from the FAS Project on Government Secrecy
Volume 2002, Issue No. 24
March 21, 2002


The Bush Administration has issued new guidance on safeguarding classified and "sensitive but unclassified" information that portends new limits on public access to government information.

"Government information, regardless of its age, that could reasonably be expected to assist in the development or use of weapons of mass destruction... should not be disclosed inappropriately," wrote White House Chief of Staff Andrew H. Card, Jr., in a March 19 memorandum to the heads of executive branch agencies.

An attachment prepared by the Information Security Oversight Office and the Justice Department Office of Information and Privacy spells out the applicable standards for controlling classified and other sensitive information.

"It doesn't create new law or amend any existing executive order," said one official who helped develop the memo. "It interprets current policy."

One potentially troublesome feature of the new interpretation, however, is the ill-defined category of "Sensitive But Unclassified Information." This refers to information that for one reason or another cannot be classified but that is deemed too sensitive for further publication.

"The need to protect such sensitive information from inappropriate disclosure should be carefully considered, on a case-by-case basis, together with the benefits that result from the open and efficient exchange of scientific, technical, and like information," the memo states.

No detailed criteria for conducting such case-by-case consideration are provided, leaving this category seemingly open-ended.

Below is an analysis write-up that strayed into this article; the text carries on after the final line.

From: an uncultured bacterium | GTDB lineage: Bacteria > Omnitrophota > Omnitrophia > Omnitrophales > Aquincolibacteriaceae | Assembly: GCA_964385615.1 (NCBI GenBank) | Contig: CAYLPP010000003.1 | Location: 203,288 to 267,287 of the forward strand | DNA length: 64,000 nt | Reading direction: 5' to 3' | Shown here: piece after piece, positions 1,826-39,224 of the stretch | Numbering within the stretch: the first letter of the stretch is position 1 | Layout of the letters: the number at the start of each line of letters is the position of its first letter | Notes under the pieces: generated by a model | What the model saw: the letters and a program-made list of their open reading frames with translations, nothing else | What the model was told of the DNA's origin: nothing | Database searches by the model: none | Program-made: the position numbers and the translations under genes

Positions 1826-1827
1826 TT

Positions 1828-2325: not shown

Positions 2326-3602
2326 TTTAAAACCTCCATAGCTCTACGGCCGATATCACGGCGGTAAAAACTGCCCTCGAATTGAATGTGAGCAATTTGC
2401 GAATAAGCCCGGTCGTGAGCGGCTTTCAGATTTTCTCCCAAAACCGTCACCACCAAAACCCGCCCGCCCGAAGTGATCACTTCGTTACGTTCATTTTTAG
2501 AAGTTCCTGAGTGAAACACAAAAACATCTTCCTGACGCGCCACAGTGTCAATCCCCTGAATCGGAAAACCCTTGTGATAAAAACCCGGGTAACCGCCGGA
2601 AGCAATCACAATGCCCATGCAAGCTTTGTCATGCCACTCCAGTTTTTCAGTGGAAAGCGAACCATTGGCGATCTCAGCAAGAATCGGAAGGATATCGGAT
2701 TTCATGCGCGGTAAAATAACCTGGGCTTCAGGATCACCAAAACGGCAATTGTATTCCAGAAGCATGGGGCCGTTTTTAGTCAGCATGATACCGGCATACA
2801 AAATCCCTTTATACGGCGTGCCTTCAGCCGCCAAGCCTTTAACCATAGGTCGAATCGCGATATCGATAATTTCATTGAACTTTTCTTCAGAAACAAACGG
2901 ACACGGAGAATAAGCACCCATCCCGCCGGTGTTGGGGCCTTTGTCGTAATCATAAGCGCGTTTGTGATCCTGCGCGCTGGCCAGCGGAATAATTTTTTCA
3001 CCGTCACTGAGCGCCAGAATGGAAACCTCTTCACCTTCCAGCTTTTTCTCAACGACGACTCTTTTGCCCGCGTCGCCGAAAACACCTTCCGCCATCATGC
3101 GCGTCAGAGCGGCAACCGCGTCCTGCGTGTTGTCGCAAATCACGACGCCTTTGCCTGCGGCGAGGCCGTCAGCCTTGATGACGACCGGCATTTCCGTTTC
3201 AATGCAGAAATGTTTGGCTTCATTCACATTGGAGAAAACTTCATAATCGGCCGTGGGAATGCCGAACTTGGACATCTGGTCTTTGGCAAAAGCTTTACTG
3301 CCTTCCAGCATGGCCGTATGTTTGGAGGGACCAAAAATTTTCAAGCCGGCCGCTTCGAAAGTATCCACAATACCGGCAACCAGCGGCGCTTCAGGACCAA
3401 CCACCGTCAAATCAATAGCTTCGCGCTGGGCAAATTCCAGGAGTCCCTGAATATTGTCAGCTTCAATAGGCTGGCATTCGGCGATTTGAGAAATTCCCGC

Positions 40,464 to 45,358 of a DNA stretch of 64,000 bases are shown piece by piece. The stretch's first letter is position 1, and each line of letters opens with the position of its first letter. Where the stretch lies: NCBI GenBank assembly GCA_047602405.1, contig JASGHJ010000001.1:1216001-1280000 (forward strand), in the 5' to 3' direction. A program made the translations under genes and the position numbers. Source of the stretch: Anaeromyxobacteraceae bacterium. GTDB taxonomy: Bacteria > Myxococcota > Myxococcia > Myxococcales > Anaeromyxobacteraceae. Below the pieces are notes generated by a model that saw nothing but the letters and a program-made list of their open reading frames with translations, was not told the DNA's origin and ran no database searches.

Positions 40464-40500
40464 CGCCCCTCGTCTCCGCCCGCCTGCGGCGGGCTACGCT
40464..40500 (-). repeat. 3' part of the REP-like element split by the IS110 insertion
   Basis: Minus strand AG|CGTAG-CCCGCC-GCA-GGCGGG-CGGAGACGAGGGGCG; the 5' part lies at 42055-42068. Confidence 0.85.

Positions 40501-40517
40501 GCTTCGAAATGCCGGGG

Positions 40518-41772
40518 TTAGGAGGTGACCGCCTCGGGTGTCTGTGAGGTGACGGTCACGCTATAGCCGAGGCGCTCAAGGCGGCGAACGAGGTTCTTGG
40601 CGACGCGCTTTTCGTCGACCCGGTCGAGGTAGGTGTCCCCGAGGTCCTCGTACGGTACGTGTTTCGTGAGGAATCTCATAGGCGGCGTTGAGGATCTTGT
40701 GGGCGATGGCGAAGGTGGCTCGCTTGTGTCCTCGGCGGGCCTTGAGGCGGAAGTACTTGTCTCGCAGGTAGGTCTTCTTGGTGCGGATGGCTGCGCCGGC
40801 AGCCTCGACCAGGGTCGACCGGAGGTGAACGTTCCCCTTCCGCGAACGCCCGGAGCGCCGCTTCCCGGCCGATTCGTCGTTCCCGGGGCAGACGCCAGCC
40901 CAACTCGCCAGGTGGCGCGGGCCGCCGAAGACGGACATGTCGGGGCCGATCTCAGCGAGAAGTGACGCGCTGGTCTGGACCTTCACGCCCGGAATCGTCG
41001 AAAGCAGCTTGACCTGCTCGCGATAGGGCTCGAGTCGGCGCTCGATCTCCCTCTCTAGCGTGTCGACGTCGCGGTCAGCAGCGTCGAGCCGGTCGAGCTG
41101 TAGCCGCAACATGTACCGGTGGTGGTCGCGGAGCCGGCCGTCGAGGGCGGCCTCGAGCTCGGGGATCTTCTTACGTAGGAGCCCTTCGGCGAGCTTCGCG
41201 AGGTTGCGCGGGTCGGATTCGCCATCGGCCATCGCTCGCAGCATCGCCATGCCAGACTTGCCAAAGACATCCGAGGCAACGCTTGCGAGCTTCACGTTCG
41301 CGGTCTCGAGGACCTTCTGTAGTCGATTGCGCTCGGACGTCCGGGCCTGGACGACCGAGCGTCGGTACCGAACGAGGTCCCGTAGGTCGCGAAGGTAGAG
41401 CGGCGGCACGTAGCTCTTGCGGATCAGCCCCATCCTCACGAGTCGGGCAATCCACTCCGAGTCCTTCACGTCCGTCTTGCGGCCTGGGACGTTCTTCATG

Another Administration official told Secrecy News that the new memo illustrated, in a way, the power of the press. "This is a direct result of the January 13 New York Times story," the official said, referring to the Times article "U.S. Selling Papers Showing How to Make Germ Weapons" by William J. Broad. That article described the availability for sale of certain declassified records concerning the production of biological and chemical weapons. Some of those records, according to scientists who have reviewed them, are genuinely sensitive and should not be made readily available.

The text of the new White House memo is posted here:

The memo was first reported in the Washington Times today by Bill Sammon. See "White House Tells Web Sites to Delete Data":

"Terrorist groups worldwide have ready access to information on chemical, biological, and even nuclear weapons via the Internet," Director of Central Intelligence George J. Tenet told the Senate Armed Services Committee on March 19:


The National Archives and Records Administration (NARA) this week published a substantive new report to Congress on the declassification of records concerning Japanese war crimes in World War II.

NARA's Interagency Working Group described some of the highlights of the 18,000 pages that have been declassified to date, including such things as Japanese bacteriological warfare-related activities, and reported on the status of the remaining 60,000 pages that await declassification review.

See the new report on "Implementation of the Japanese Imperial Government Disclosure Act and the Japanese War Crimes Provisions of the Nazi War Crimes Disclosure Act" here:


A number of interesting and useful documents generated at the Freedom of Information Day conference on March 15 are now available online. The conference was jointly sponsored by the Freedom Forum First Amendment Center and the American Library Association.

Updates on Bush Administration information access policy, government secrecy, legislative developments and court rulings, state and local access policies, and international developments are provided.

The text of speeches presented by historian Richard Reeves and by Steven Garfinkel, former Director of the Information Security Oversight Office and FOI Day honoree, are also now posted.

See "2002 FOI Day Resources" here:


Secrecy News is written by Steven Aftergood and published by the Federation of American Scientists.

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